I'm new to serial communication. I tried to make Arduino talk to MATLAB, but certain values are allowed to be received like 100 and 101. I tried other values but didn't work. The problem is with ASCII code but I tried to subtract what is read by 48 but failed.

This is the Arduino code that I found on Google and edited it for my servo motor problem:

#include <Servo.h>
const int servoPin = 3;
int recValue; // received value from MATLAB
Servo Servo1;

void setup()

void loop()
  if (Serial.available() > 0)
    recValue = Serial.read();
    if  (recValue == 100)
    if (recValue == 101)

So how can I read the correct angles that I received from the MATLAB via serial communication? Thanks.

  • What exaclty are you getting from Matlab over serial? – chrisl Jun 30 '18 at 15:13
  • When using recValue as 100, the motor rotates to the 0 position and if 101, the motor rotates to 90 degrees. When I change recValue to any number, I get nothing from MATLAB and the motor does not rotate to any position in the two cases. – ezzeddin Jun 30 '18 at 15:20
  • I don't understand, what exactly you want to achieve. Your comment states the exact functionality, that is provided by your code. When you want to control the sensors angle from Matlab, send an actual value to the Arduino and use it in Servo1.write() – chrisl Jun 30 '18 at 15:25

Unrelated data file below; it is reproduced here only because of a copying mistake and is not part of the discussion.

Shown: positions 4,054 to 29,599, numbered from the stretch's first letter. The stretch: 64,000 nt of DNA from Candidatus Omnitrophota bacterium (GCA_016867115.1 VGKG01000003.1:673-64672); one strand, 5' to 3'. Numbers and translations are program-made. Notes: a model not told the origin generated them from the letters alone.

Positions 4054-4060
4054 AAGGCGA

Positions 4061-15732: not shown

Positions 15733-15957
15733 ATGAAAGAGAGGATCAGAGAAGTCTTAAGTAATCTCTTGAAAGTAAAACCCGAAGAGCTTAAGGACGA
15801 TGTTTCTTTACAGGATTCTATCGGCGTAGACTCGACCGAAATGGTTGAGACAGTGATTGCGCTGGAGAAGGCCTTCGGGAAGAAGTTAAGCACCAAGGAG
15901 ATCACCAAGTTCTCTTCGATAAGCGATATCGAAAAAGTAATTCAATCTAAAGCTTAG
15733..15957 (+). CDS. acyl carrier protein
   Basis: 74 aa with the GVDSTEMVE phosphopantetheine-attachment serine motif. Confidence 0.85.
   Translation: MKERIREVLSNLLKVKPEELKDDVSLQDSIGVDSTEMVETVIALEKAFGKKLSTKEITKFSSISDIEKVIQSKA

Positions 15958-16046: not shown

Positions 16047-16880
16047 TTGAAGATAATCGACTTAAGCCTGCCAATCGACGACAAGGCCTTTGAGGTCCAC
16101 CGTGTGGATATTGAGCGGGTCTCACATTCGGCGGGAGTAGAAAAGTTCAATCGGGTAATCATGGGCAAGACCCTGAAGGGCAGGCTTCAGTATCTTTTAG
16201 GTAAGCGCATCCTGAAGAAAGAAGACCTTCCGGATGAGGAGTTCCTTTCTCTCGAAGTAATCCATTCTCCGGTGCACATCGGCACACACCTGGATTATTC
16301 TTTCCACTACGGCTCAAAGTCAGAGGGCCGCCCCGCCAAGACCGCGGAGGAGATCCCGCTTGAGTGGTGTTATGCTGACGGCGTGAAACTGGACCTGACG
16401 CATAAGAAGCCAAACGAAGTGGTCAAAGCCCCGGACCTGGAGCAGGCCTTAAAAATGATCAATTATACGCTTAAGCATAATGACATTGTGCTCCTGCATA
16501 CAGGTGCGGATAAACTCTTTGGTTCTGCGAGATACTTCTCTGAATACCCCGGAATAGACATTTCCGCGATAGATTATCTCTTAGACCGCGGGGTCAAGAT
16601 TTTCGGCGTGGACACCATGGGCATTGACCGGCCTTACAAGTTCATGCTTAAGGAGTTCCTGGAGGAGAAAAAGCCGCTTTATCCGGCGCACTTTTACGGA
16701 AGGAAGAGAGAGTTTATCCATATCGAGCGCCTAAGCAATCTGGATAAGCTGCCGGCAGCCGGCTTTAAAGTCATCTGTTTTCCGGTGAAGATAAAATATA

• Sorry for not being clear. For example, I want to make the motor rotate 45 degrees. I should write 45 in MATLAB and then it can convert the value to 45 so that I can use Servo1.write(45) afterwards. I will edit the code but I want to know how to convert the value that I receive from MATLAB in order to be the exact 45 value. – ezzeddin Jun 30 '18 at 15:35
  • Serial.parseInt()? – Juraj Jul 1 '18 at 17:00

chrisl is quite right. You need to understand how MATLAB is talking to your Arduino. I suspect it is sending a sequence of characters for each servo angle instead of a single character. In your code you are waiting for 100 and 101, which are the ASCII 'd' and 'e' characters, and then acting immediately you have read one character. See if the servo will turn if you send 'd' or 'e'. If that works then what you need to do is read a whole line of ASCII characters e.g. '9' (which is 57) and '0' (which is 48) followed by a delimiter e.g. newline (13) At the beginning of line you can set int angle = 0 and each time you read a character multiply your angle by 10 and add in the new value by subtracting 48 from it. When you reach the delimiter you can then send the angle to the servo. Oh - and make sure MATLAB is talking at the right baud rate.

| improve this answer | |
  • Thanks a lot. I tried to send 'd' and 'e' and the motor really turned. But I still don't understand how the last few sentences. How can I delimit '9' and '0' to become 90? – ezzeddin Jun 30 '18 at 22:39
  • I now understand that we're making a map between 0-9 values to 0-90 degrees but how can I do that in Arduino? Is this done for the recValue variable in Arduino? or servalue in MATLAB? – ezzeddin Jun 30 '18 at 22:41